Putin visits ice cave during Arctic tourSociety & Culture March 30, 0:02
Putin orders Defense Ministry and FSB to ensure protection of Russia’s interests in ArcticMilitary & Defense March 29, 21:46
Kiev aware of few chances to win in debt lawsuit case — envoyBusiness & Economy March 29, 20:52
Russian top diplomat dismisses claims about human rights violations in Crimea as liesRussian Politics & Diplomacy March 29, 20:23
Moscow suspects Jabhat al-Nusra could be used to topple AssadRussian Politics & Diplomacy March 29, 19:58
Lavrov reiterates there are no facts substantiating Iran’s links to terroristsRussian Politics & Diplomacy March 29, 19:40
Russia to upgrade helicopter protection system based on Syrian experienceMilitary & Defense March 29, 19:00
Lavrov says Ukrainian president wants to bury Minsk agreementsRussian Politics & Diplomacy March 29, 18:57
FIDE executive says Ilyumzhinov himself to blame over media buzz on his resignationSport March 29, 18:46
This content is available for viewing on PCs and tabletsGo to main page
Russian billionaire Mikhail Prokhorov, who earlier this year tried unsuccessfully to revive the liberal party in Russia, is going to make another attempt to enter politics. The businessman announced his readiness to run for the president of Russia. The opposition and analysts suspect that this is one of the Kremlin’s projects aimed at easing the protest mood in society. Although there are also those who are happy there will be a candidate they will be able to vote for to demonstrate their protest.
"I have made up my mind, and this is probably the most important decision in my life," the owner of the Onexim group, Russia’s third richest person (see Forbes magazine list for 2011), told a news conference. Prokhorov has promised that after the election in 2012 he would create a new party from below. As for the presidential program, he decided to publish it after registration.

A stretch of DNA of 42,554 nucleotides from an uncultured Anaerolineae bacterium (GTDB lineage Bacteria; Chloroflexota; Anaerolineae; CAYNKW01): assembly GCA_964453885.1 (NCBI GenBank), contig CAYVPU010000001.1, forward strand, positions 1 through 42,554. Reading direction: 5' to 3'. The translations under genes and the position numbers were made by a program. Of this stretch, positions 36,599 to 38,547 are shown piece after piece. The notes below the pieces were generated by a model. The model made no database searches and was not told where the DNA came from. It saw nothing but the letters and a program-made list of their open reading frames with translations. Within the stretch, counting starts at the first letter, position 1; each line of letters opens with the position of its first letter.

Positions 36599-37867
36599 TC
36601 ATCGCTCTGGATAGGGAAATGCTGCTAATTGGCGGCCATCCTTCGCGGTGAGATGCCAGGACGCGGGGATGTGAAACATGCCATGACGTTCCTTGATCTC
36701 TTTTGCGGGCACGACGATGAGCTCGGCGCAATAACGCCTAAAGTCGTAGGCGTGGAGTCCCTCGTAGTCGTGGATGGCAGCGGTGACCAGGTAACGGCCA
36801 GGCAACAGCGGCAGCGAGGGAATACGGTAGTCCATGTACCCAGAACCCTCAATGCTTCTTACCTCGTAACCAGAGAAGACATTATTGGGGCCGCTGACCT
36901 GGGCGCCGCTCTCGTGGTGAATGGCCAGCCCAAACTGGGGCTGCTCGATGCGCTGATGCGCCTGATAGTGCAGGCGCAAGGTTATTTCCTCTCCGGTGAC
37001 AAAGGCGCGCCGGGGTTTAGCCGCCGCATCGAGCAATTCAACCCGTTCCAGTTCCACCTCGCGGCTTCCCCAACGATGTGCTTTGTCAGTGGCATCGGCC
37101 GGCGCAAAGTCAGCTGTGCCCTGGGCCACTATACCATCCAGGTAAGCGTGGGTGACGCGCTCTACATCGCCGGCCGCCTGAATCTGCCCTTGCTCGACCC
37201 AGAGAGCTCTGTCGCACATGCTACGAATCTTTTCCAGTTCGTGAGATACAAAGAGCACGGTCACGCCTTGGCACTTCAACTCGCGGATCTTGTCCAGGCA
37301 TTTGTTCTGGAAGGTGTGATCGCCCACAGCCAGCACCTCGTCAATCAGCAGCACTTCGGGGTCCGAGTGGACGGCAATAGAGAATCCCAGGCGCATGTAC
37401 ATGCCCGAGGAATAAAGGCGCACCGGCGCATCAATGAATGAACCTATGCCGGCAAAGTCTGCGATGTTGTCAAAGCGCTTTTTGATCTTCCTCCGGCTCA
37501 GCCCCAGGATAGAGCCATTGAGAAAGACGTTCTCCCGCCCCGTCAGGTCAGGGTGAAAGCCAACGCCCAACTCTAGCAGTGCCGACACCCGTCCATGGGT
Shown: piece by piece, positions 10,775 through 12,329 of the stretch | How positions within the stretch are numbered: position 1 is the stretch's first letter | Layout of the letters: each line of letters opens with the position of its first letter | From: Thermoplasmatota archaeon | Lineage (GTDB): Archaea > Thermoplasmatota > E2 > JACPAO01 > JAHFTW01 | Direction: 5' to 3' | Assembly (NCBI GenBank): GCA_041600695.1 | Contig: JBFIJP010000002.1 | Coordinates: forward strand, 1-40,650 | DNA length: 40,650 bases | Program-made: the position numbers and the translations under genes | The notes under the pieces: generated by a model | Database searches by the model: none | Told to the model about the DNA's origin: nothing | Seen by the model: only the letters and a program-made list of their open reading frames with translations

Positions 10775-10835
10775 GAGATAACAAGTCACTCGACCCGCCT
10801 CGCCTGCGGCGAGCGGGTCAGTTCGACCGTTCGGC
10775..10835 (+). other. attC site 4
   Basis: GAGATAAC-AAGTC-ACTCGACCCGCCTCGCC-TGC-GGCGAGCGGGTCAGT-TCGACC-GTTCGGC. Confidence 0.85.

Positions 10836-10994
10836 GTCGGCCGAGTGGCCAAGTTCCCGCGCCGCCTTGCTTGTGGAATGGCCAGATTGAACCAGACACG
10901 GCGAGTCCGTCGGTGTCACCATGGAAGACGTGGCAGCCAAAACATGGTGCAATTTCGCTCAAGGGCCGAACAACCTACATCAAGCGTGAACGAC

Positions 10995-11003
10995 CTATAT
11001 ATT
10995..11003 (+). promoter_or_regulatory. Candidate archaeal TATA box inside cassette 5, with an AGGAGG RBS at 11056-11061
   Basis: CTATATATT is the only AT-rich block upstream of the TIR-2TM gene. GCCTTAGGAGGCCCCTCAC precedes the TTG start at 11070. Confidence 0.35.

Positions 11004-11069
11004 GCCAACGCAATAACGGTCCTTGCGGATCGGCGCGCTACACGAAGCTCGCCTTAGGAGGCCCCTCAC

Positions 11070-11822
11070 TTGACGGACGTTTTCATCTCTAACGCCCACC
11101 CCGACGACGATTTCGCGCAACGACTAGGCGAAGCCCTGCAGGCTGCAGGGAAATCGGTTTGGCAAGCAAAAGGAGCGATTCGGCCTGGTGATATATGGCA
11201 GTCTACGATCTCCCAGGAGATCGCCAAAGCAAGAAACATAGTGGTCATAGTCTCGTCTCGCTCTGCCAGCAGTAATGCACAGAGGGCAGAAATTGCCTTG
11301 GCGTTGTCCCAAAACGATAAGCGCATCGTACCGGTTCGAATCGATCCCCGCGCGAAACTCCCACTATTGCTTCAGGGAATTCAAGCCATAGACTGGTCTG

A day earlier, Prime Minister Vladimir Putin submitted to the CEC his application and other documents required for registration as candidate for the president of Russia from the party United Russia. Prokhorov decided to compete with him, although on December 8 he wrote in his blog: "Weather some like it or not, Putin is still the only one who somehow manages to run this inefficient state machinery." Prokhorov wrote that Prime Minister Putin must become "acting president", as this is consistent with his rating in society, will give him the necessary powers, and thus make it possible to hold fair elections.
According to the election law, for the registration of candidates by the CEC an initiative group is to meet in session before December 15 to nominate a candidate, and by January 18 2 million signatures should be collected in his support, which seems almost unreal. Prokhorov said that he spent the past few months on preparing an infrastructure for his nomination. He sees his potential voters in the middle class, and he is not going to build his election campaign on criticism of United Russia’s candidate Vladimir Putin.
Putin has been informed about Prokhorov’s statement, but has no plans for meeting with him in the near future, the prime minister’s press secretary, Dmitry Peskov, told a news conference on Monday. Prokhorov himself said that since leaving the Right Cause project he had had no meetings with either the president or the head of government.
Prokhorov’s first attempt to enter politics ended badly for him. Leaving his business for the revival of the party Right Cause by agreement with the president and his staff Prokhorov three months later accused his former allies of a "raider seizure of the party", he slammed the first deputy head of the presidential staff, Vladislav Surkov, as "the Kremlin's puppet master," and promised to press for his resignation. Without Prokhorov the Right Cause in the parliamentary elections on December 4 showed the worst result of all - 0.6% of the votes.